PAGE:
Please Shut Up
We all have our pet hates and I'm no exception. I go to a fair few live contemporary music events, not just in Liverpool.
Live music is something I've enjoyed for over 40 years but unfortunately there is a dark cloud on the horizon.
In the past four years or so, I find more and more people, especially, but not exclusively at standing gigs, spend their time chattering away, often at high volume, more or less oblivious to what is happening on stage. They still applaud enthusiastically at the end of every song of course as though enthralled by the quality of the performance, even though they've paid hardly any attention.
This phenomenon is not confined to Liverpool but, in my experience, seems to be worse here than, for example, Manchester or Sheffield, although judging by comments on the internet, it is a regular problem in the USA as well. It's getting to the stage where I am now increasingly reluctant to go to certain venues in the city and on past occasions, have had to leave early because the extraneous noise was just way too annoying.
Why spend sizable amounts of money ostensibly to see someone perform, pretty much ignore them and spoil the experience for others? It would be cheaper and more appropriate (and much less frustrating to those like me who just want to hear the music) for these people to just go to the pub or a bar.
In the past few years I have seen things like loud blues/ rock band, Nine Below Zero stopping playing to ask the stentorian quintet making continuous noise at the bar to pipe down; a pair of chatterboxes behind me at an Echo Arena Crosby, Stills and Nash concert who conversed non-stop throughout the gig, having paid £50 per ticket; a Tourettes whistler who insisted on sounding off regularly at a Roger Hodgson gig, usually during the quietest passages of music; a Terry Reid fan who frequently drowned out Terry Reid's performance for everyone within 20 feet, telling anyone who would listen how wonderful he thinks Terry Reid is, (Terry Reid asked him to shut up eventually); and a Toots and the Maytals gig made intolerable by chatter volume comparable to Anfield football ground when Liverpool are attacking the Kop goal.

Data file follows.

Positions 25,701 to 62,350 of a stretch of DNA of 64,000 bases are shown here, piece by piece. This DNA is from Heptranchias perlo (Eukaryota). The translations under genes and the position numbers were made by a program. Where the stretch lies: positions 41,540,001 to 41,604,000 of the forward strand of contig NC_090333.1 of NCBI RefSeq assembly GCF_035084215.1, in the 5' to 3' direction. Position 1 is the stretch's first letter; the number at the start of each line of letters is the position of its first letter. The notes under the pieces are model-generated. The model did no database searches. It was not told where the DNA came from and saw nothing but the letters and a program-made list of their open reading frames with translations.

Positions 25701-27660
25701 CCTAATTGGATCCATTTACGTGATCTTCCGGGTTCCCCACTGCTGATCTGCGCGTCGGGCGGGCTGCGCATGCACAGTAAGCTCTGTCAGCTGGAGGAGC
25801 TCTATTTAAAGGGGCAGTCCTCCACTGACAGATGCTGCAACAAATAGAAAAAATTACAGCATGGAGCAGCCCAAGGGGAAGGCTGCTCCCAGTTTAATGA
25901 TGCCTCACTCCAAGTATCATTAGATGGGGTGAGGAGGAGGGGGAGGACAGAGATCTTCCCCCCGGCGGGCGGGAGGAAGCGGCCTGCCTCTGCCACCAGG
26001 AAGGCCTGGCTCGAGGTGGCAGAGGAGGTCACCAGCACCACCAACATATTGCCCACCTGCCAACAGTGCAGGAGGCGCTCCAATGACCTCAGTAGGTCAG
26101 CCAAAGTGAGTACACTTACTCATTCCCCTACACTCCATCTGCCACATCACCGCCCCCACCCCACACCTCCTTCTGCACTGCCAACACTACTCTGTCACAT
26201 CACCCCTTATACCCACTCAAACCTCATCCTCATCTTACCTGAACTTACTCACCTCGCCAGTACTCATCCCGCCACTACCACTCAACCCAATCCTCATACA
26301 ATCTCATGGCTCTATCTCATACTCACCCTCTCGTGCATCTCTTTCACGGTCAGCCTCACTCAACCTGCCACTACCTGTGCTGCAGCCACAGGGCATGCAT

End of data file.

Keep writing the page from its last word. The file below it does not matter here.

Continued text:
I have tried very politely asking adjacent perpetrators to reduce their noise level. The response is often an aggressive stance and / or glare, followed by an increase in volume.
I have tried to understand why this happens. I am a liberal after all and believe firmly in live and let live as a guiding prinnciple. Maybe it's me and I'm just turning into a stereotypical Grumpy Old Man. I have no problem with people talking briefly between songs - I sometimes do that myself - or making the occasional sotto voce comment during a song. I am talking here about full blown, multiple participant high volume exchanges.
Perhaps the advent of social media has made opportunities for friends to meet up and converse with each other face to face less frequent. Maybe over consumption of booze in an era of binge drinking is making people much more uninhibitedly garrulous. It may just be another sign that good manners are a thing of the past in this country. Perhaps, for some, attendance at certain gigs has little to do with listening to the music at all but is done solely to be able to try to accrue social cachet on Twitter or Facebook by saying "I was there" (hence the increasing incidence of taking repeated pictures of the band with the latest smartphone.)
I am reluctant to suggest this but perhaps appropriate signage and / or proactive stewarding to limit this could somehow be made part of the licensing conditions for live performance venues.
All I know is it ain't right, I am getting sick to death of it and I don't have a ready solution other than staying at home.